That was until an ex-boss of mine, who had coached me when I was still in gainful employment, got in touch to see how I was doing and insist I meet with her to have a catch up. I really didn’t want to see anyone, ever, but this lady was someone I couldn’t say no to, she had been so good to me in the past. Over tea and scones, which I could not eat, we discussed the pickle I found myself in and what I was going to do next. I had absolutely no clue. Thankfully she did. And in her very subtle, and gentle way, she told me about somebody she knew who was going off on a trip for 8 months (also having gone through quite a traumatic life event). This person wanted to see the world, and spend the money she had saved up for a wedding that had never happened. My ex-boss knew that travelling was something I had always regretted not doing when I was younger (because when I was younger I had met my husband, and he wasn’t the travelling kind). I remember thinking about this friend of hers who was off to see the world, “Well bully for her” I thought. It was not something I could raise myself to do. Right now I could barely raise myself off the sofa to get water. Of course, my ex-boss knowing this, and being a very clever coach indeed, never suggested I should go off on such a trip myself. All she said was, “Well, at some point, it might be interesting for you to have a chat with my friend, just to find out how she arranged it, in case you ever fancied doing something similar”.
Unable to work at this time because I was officially broken, I had little excuse not to meet with her friend. We discussed her trip, what she had planned and the events that had brought us both here. It wasn’t long before she uttered the sentence I knew was inevitable “You should come!”
When asking my parents, my friends and my husband their views about this opportunity that had arisen, travelling with somebody else who had also lost their tethers, it didn’t honestly feel like a question I needed their response to – it felt like an imperative. I had to get my ass up and get going. And so that is what I did. Over the course of the next year I saw a bit of the world, quite a bit in fact. I started off travelling with the friend of my ex-boss and then, when it was clear our time together was no longer serving either of us, I went off on my own. Unthinkable! Whose traveling dream was this anyway, and how did I end up in it?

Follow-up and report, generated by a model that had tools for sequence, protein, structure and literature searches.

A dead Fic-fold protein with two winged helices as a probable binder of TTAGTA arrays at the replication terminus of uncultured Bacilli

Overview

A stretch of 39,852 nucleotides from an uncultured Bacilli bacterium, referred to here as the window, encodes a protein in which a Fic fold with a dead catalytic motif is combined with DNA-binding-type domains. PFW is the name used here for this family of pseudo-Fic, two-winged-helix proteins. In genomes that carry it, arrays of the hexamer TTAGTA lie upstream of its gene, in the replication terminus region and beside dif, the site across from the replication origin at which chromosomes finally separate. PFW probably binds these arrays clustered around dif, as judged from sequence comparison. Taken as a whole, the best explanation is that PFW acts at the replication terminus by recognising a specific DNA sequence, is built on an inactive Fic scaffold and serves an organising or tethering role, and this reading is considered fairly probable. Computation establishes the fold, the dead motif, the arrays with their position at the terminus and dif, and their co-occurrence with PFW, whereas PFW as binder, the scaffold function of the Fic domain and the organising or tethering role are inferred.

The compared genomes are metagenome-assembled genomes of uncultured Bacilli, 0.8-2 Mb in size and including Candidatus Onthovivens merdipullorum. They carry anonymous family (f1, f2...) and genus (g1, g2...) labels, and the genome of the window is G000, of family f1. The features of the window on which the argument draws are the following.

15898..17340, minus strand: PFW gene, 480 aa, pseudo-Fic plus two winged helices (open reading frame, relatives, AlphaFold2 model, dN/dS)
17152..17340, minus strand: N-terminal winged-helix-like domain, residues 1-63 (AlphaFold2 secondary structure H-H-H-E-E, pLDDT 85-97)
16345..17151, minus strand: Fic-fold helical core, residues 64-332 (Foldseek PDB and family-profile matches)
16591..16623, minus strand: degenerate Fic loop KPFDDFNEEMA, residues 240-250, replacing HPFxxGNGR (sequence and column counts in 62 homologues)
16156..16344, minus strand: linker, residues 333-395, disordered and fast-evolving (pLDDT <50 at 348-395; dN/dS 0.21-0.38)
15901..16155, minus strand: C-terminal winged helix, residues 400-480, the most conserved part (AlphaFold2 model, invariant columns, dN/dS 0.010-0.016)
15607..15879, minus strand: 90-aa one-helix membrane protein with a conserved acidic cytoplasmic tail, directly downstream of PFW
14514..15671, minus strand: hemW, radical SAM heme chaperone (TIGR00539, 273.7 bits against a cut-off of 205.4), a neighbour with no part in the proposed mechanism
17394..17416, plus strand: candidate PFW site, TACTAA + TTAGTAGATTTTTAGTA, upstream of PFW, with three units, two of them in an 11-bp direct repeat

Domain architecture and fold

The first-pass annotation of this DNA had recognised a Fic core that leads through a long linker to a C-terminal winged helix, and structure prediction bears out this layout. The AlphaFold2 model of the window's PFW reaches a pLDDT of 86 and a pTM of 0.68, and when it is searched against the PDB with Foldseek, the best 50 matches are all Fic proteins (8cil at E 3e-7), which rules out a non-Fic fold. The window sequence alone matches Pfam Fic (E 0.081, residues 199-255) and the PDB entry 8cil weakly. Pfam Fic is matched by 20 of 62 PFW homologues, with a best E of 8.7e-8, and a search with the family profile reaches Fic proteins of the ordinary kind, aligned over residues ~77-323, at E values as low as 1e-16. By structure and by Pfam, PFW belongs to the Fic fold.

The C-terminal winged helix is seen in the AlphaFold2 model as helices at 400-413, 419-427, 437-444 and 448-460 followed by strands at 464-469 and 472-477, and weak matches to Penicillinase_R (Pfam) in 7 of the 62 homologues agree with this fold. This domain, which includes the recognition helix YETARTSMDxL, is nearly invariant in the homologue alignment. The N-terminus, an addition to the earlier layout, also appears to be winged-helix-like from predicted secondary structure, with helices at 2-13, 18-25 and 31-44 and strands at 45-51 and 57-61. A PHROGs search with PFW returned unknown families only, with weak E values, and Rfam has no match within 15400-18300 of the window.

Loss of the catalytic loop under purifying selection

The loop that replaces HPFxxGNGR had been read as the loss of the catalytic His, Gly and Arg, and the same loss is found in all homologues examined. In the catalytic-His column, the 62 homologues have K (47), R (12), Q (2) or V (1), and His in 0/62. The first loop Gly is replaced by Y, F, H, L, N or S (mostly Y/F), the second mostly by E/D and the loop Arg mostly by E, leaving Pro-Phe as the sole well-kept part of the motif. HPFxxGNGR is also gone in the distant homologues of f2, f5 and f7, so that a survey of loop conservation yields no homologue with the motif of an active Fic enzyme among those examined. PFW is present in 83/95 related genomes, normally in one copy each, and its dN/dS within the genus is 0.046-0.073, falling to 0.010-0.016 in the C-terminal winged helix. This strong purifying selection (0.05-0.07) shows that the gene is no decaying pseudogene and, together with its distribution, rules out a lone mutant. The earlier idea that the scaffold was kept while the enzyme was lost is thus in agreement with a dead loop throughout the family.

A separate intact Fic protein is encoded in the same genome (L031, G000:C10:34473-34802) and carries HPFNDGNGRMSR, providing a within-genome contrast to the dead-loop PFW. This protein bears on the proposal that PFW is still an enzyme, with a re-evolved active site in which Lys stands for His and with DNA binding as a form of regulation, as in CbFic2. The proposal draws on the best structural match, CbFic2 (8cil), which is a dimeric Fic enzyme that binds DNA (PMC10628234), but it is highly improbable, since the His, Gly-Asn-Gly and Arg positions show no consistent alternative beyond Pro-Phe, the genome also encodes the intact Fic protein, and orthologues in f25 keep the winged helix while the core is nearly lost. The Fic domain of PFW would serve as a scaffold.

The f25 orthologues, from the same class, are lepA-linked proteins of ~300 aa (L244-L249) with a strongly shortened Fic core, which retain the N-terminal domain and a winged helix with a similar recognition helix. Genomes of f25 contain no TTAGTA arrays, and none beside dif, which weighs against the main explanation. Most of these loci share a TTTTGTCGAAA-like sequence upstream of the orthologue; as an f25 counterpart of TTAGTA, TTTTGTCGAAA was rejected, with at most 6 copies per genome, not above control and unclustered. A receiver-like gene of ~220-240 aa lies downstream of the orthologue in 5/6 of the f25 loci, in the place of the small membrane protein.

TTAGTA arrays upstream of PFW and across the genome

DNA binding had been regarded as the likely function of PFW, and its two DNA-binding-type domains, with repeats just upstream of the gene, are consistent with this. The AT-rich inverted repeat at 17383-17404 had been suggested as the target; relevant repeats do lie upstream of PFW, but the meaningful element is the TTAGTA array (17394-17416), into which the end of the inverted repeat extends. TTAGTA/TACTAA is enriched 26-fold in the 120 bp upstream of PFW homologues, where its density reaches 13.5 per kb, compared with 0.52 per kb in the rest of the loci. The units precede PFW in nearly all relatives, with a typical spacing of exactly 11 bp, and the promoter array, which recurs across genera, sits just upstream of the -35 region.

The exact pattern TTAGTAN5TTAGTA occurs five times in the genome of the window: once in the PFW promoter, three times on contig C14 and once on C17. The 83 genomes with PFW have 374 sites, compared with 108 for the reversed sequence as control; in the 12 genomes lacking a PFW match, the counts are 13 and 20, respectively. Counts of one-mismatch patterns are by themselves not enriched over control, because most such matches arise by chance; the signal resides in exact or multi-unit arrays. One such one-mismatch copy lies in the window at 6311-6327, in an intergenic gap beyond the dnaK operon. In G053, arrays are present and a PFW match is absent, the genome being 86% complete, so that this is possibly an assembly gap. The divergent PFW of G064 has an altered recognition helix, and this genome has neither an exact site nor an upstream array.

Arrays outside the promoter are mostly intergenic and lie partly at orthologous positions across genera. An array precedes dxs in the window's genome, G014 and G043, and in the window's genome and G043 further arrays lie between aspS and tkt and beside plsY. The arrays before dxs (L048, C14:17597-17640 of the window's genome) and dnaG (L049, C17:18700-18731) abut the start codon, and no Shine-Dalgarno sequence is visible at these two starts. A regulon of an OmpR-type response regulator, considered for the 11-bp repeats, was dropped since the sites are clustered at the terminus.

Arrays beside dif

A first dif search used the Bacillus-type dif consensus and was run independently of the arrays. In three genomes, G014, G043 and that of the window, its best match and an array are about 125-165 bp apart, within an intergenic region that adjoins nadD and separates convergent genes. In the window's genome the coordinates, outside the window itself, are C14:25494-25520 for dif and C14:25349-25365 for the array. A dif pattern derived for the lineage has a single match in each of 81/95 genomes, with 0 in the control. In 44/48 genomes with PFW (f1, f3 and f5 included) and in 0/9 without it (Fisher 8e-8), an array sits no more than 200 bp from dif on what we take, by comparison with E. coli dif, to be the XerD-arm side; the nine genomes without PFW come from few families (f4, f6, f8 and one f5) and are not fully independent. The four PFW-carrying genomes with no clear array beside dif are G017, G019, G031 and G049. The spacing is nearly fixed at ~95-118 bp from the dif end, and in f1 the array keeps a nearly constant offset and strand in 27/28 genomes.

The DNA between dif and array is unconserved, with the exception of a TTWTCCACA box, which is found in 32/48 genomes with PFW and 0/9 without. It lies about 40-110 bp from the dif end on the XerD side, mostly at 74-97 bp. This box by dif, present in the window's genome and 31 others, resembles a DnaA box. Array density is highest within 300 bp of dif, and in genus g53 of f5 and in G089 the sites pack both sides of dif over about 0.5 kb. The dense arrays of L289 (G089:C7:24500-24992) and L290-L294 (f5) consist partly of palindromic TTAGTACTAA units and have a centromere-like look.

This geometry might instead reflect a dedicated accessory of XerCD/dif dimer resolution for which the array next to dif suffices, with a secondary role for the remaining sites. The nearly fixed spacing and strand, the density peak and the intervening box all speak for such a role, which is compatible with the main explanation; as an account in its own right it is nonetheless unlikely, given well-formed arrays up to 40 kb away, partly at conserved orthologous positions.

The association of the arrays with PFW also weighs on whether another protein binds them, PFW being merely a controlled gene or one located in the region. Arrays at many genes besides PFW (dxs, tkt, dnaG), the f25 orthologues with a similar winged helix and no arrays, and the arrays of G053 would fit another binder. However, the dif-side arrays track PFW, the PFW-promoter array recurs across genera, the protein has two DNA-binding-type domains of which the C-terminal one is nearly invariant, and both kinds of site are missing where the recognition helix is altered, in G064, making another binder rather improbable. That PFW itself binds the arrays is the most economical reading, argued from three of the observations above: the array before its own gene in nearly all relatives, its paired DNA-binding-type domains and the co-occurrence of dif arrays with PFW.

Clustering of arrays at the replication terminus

I returned from my travels, having amazed myself at what I was capable of, the adventurous spirit I uncovered, the sheer joy of cycling through the Andes listening to Jimi Hendrix, showering in freezing mountain water overlooking a mist swaddled, banana rich Thai valley. And the joy of laughing down the phone with my husband about the fact I was about to jump off a mountain in Rio with only a stretched out handkerchief between me and certain death.
I came home. My husband and I had many serious conversations. We searched our souls to see if we could stitch back together a life without the children, without the dream ending we had both imagined. This is a work in progress. It may always be. Isn’t that life though?
In the meantime we have both discovered inner reserves of strength and resilience that neither of us knew we had or hoped we’d ever need. We have also discovered, and are busy exploring, parts of ourselves and passions for different activities that are shaping our futures. For me that is travel and adventure, and possibly writing a little about it, and maybe a few other things too.
In future posts I will write a lot more about my travels, the upsides and downsides of being a 40 something backpacker amongst people half my age, the difficult journey that any couple who discovers they can’t have children goes on, the upsides and downsides of depression (my experience of it anyway – it is a very personal thing, different for everyone, but there are upsides for sure), and share with you some useful resources I have collected along the way which have proved invaluable or inspiring to me, and I hope may prove useful to somebody else out there too.